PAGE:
Chu, a Nobel Laureate and physicist, abruptly told the June Senate hearing, relative to why the Yucca mountain project was being shut down, that “we can do better,” adding that spent nuclear fuel currently in storage on site was safe for 100 years.
Earlier this week he reiterated that science does not support a repository at Yucca and the United States should reconsider its waste management policy based on advances in technology and science. Chu appeared before the House Energy and Water Development Appropriations Subcommittee this afternoon to defend DOE’s $28.4 billion proposed 2011 spending budget, which includes no appropriation for Yucca.
Blue-Ribbon panel on waste disposal convened
Beyond that, Chu has appointed a 15-member Blue Ribbon Commission to review and consider alternative means to manage US nuclear waste including interim storage, reprocessing and different geologic formations for a final repository. That commission held its first meeting this week and must produce a draft report in about 18 months.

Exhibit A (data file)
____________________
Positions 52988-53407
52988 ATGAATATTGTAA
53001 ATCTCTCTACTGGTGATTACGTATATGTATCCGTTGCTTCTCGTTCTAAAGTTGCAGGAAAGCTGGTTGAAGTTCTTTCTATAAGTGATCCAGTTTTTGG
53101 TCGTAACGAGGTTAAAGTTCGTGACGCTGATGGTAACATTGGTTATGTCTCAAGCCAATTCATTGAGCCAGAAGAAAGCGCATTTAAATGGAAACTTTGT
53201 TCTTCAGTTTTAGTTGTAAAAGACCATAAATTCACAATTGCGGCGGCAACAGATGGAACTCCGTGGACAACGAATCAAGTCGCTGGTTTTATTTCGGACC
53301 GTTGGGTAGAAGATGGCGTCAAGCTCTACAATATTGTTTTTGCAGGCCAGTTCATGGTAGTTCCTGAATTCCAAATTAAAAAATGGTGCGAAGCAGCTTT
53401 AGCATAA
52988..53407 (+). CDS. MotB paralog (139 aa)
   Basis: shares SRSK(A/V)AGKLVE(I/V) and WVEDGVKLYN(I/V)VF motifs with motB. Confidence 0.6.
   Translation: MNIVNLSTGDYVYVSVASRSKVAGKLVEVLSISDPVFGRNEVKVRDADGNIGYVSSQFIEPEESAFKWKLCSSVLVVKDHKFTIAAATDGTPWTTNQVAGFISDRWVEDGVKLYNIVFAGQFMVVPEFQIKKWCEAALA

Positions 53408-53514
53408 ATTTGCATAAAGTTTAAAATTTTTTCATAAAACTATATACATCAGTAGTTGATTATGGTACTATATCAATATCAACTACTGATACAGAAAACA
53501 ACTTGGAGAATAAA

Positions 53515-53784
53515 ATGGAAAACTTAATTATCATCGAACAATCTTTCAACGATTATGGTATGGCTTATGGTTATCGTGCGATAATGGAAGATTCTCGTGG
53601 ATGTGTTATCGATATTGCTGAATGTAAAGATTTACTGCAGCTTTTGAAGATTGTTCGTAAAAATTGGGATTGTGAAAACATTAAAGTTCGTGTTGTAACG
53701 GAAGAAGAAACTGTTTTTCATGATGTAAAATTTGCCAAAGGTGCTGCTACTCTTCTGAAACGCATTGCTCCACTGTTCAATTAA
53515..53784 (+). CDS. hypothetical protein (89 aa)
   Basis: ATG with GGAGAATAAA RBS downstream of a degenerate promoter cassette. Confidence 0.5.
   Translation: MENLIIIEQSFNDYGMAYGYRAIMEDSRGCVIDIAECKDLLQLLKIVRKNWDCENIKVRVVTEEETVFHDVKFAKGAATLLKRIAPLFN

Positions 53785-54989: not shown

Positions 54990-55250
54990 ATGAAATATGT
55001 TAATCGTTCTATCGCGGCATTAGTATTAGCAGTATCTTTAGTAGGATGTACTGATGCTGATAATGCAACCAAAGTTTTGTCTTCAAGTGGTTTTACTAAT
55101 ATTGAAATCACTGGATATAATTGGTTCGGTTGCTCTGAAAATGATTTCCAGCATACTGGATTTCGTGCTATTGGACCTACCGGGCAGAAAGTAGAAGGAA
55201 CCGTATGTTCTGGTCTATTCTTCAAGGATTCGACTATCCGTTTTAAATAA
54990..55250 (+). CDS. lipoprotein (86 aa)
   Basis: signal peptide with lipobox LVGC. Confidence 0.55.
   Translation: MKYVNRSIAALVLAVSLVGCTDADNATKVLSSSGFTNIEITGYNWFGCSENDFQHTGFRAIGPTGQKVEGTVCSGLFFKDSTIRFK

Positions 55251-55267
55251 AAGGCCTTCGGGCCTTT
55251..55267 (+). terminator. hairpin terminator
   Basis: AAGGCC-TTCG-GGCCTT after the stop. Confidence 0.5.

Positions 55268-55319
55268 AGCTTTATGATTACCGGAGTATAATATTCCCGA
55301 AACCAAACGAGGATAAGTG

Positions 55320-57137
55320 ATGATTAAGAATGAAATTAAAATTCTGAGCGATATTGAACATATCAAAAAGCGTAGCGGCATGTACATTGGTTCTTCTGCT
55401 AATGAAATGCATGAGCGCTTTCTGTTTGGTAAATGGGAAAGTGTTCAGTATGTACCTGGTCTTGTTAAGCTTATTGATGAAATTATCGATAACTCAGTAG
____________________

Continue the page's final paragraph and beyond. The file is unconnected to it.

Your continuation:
Meanwhile, the US government is responsible for taking charge of spent nuclear waste under the 1983 Congressional resolution that created the Yucca Project to begin with. US taxpayers have already invested more than $10 billion in Yucca and are still chipping in to the creation of a repository to the tune of $750 million in fees per year on electricity generated by nuclear power.
The National Association of Regulatory Utility Commissioners and the Nuclear Energy Institute are currently exploring their legal options to address this issue, the groups announced recently.
“Taxpayers have already spent more than $10 billion on Yucca Mountain, compiling 20 years of data that inform us that this is the best choice to securely store tons of nuclear waste,” Inslee said, according to ClimateWire. “Keeping waste scattered across the country, or in the case of Washington state at Hanford, is no longer an option. We have a solution to this problem and we must move forward.”